Facebook's Zuckerberg: Virtual reality will have slow ramp

Facebook CEO stressed that virtual reality will take a long time to develop, but ultimately become the next big computing platform.

Facebook CEO Mark Zuckerberg said virtual reality will develop slowly as a computing platform, but the company and its Oculus unit is in for the long haul.

Oculus will launch broadly for the holidays via a Samsung headset that retails for $99. Coupled with efforts from Google and Microsoft's high-profile HoloLens, virtual and augmented reality will be pushed to the broader market.

Also: NASA shows the world its 20-year virtual reality experiment to train astronauts: The inside story

It's worth noting that Microsoft's approach is enterprise heavy with the HoloLens although gaming is an obvious market. Zuckerberg sees virtual reality as a messaging and computing platform too.

On Facebook's third quarter earnings conference call, Zuckerberg said:

The first thing that I want to stress here is that these kind of new platforms take a long time to develop. So we've said often that we think that virtual reality and augmented reality could be the next big computing platform. But just to put that in perspective and compare it to the development of previous computing platforms, like phones and computers, I think the first smartphones came out in 2003. And in the first year, I think BlackBerry and Palm Treo were the initial smartphones that came out. I think they each sold in the hundreds of thousands of units. So just to kind of give a sense of the time frame that we're thinking about this and how we expect this to develop, that's how we're thinking about that.

In terms of the actual content, first, we think gaming is going to be the most obvious market. There are around, I think, more than 200 million, almost 250 million people who have either an X-Box, a PlayStation or a Wii. And we think that that audience is going to the type of people who are going to be very excited about the type of experiences initially that you can have with virtual reality. And the advantage of that is also that some of those can be single player experiences. They don't require a big network effect or a lot of people having the technology or large installed base.

Once we start getting a bit further along with that, then the next thing that we think is going to be huge is video and immersive experiences, both things that people can create, like the social content that they share on Facebook today, and more professional and premium content, both short form and longer form. But we'll start to see some experimentation with that. There already is some very good content. But until there are millions of units out in the market, I don't expect that to be a big industry for folks to be investing a huge amount in 2016.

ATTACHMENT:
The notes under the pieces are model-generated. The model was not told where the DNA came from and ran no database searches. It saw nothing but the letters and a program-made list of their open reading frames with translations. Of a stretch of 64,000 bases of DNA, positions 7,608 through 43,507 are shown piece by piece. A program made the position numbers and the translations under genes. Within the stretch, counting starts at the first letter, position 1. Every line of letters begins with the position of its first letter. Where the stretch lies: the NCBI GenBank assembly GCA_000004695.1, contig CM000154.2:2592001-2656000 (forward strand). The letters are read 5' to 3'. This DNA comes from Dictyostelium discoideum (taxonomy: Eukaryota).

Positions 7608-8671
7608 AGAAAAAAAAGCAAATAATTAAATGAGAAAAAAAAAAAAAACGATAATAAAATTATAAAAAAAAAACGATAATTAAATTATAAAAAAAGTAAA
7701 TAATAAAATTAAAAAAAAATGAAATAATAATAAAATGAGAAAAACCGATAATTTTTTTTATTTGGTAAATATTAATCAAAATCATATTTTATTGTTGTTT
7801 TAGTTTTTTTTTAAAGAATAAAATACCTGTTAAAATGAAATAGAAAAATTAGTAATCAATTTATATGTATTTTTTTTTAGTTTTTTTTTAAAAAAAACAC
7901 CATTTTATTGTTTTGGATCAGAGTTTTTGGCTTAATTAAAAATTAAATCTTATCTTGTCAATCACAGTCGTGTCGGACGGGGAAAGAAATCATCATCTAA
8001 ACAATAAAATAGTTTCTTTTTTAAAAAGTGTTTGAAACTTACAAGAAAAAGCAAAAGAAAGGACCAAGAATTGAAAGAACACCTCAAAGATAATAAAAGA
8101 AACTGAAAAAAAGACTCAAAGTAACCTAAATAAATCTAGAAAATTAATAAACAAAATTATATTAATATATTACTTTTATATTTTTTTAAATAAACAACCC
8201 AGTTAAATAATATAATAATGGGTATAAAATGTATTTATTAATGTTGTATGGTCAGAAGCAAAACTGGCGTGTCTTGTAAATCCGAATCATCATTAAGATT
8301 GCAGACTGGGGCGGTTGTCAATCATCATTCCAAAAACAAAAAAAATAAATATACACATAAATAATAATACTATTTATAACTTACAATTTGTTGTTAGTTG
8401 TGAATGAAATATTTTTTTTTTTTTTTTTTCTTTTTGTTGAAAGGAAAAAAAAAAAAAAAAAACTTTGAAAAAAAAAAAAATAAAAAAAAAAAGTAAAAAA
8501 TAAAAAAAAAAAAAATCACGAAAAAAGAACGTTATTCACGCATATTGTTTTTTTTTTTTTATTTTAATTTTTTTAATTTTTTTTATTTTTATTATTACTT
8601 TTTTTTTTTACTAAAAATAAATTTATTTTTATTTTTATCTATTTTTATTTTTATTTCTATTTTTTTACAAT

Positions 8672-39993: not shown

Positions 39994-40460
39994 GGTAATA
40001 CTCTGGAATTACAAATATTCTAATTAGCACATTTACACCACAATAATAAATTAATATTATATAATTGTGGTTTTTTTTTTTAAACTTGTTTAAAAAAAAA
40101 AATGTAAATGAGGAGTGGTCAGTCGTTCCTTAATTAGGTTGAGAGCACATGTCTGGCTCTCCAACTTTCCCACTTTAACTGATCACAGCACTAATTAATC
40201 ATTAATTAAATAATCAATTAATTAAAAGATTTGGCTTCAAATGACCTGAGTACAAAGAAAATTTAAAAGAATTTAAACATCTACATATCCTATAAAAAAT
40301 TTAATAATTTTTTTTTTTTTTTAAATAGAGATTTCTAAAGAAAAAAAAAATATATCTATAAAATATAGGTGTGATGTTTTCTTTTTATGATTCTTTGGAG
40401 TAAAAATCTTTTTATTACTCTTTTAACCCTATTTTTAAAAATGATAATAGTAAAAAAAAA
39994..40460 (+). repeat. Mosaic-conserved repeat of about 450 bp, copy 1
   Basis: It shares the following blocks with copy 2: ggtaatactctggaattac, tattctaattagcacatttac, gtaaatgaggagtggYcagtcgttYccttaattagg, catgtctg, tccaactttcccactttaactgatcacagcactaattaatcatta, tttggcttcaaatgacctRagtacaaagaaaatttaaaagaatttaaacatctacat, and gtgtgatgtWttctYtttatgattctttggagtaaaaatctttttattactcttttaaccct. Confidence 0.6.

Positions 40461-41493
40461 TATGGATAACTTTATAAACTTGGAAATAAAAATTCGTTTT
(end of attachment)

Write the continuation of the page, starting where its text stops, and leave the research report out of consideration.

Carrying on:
As a company, Facebook isn't expecting massive volume for Oculus (CNET take). Businesses will experiment with virtual reality, but probably won't have to ponder how it fits in with productivity or bring your own device policies until 2017.

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Analysts were asking a good bit about virtual reality largely because they are trying to model the next leg of Facebook's growth. Facebook owns social and messaging, but doesn't have parts of the rest of the digital pie.

ZDNet reading list: Google brings VR to the masses with broader Cardboard app availability | Samsung Gear VR price cut in half while support for Galaxy smartphones expands | Australian defence force employs Oculus gear to explore VR | The best Virtual Reality headsets for an immersive VR and AR experience | Microsoft's HoloLens big for business? Object Theory thinks so | NASA to give Microsoft's HoloLens a spin in space | Microsoft's HoloLens: Wooing developers will be everything | Microsoft reveals more on HoloLens hardware, gets 3D print boost from AutoDesk | Microsoft's HoloLens: Enterprise boon or boondoggle?

Facebook has plenty of headroom to monetize its user base, which now has 1 billion active users a day. But Edison analyst Richard Windsor argued that Facebook needs to be involved with more of your digital life.

Windsor said:

Facebook has a very tight grip on both the Social Media and Instant Messaging segments of Digital Life but not much else. This is where things get interesting as the narrow coverage implies that like Twitter, Facebook will run out of growth at some point unless it begins to address the other segments of Digital Life.

Edison research indicates that Facebook is looking at expanding into Gaming, Search and Media Consumption which would give it 79% coverage and market leadership of the overall pie. If this is then combined with Edison's forecast of 1.7bn mobile users by the end of 2018E, it is not difficult to see how Facebook can increase its revenues by an order of magnitude from here. The big question is whether it can get its ducks in a row to benefit from the next leg up before the current growth grinds to a halt.

What remains to be seen is whether virtual reality and Oculus becomes that next growth engine.

More on virtual reality at TechRepublic: The state of virtual reality content: What the industry is doing to create compelling experiences | 10 ways virtual reality is revolutionizing medicine and healthcare | How Sierra Club is using virtual reality to put viewers on the frontlines of climate change | Digital cadavers: How virtual reality and augmented reality can change anatomy class | Review: View-Master Virtual Reality offers a $30 on-ramp to VR | Keep up with VR: 15 Twitter accounts to follow | Virtual reality and augmented reality in the workplace: A primer for CIOs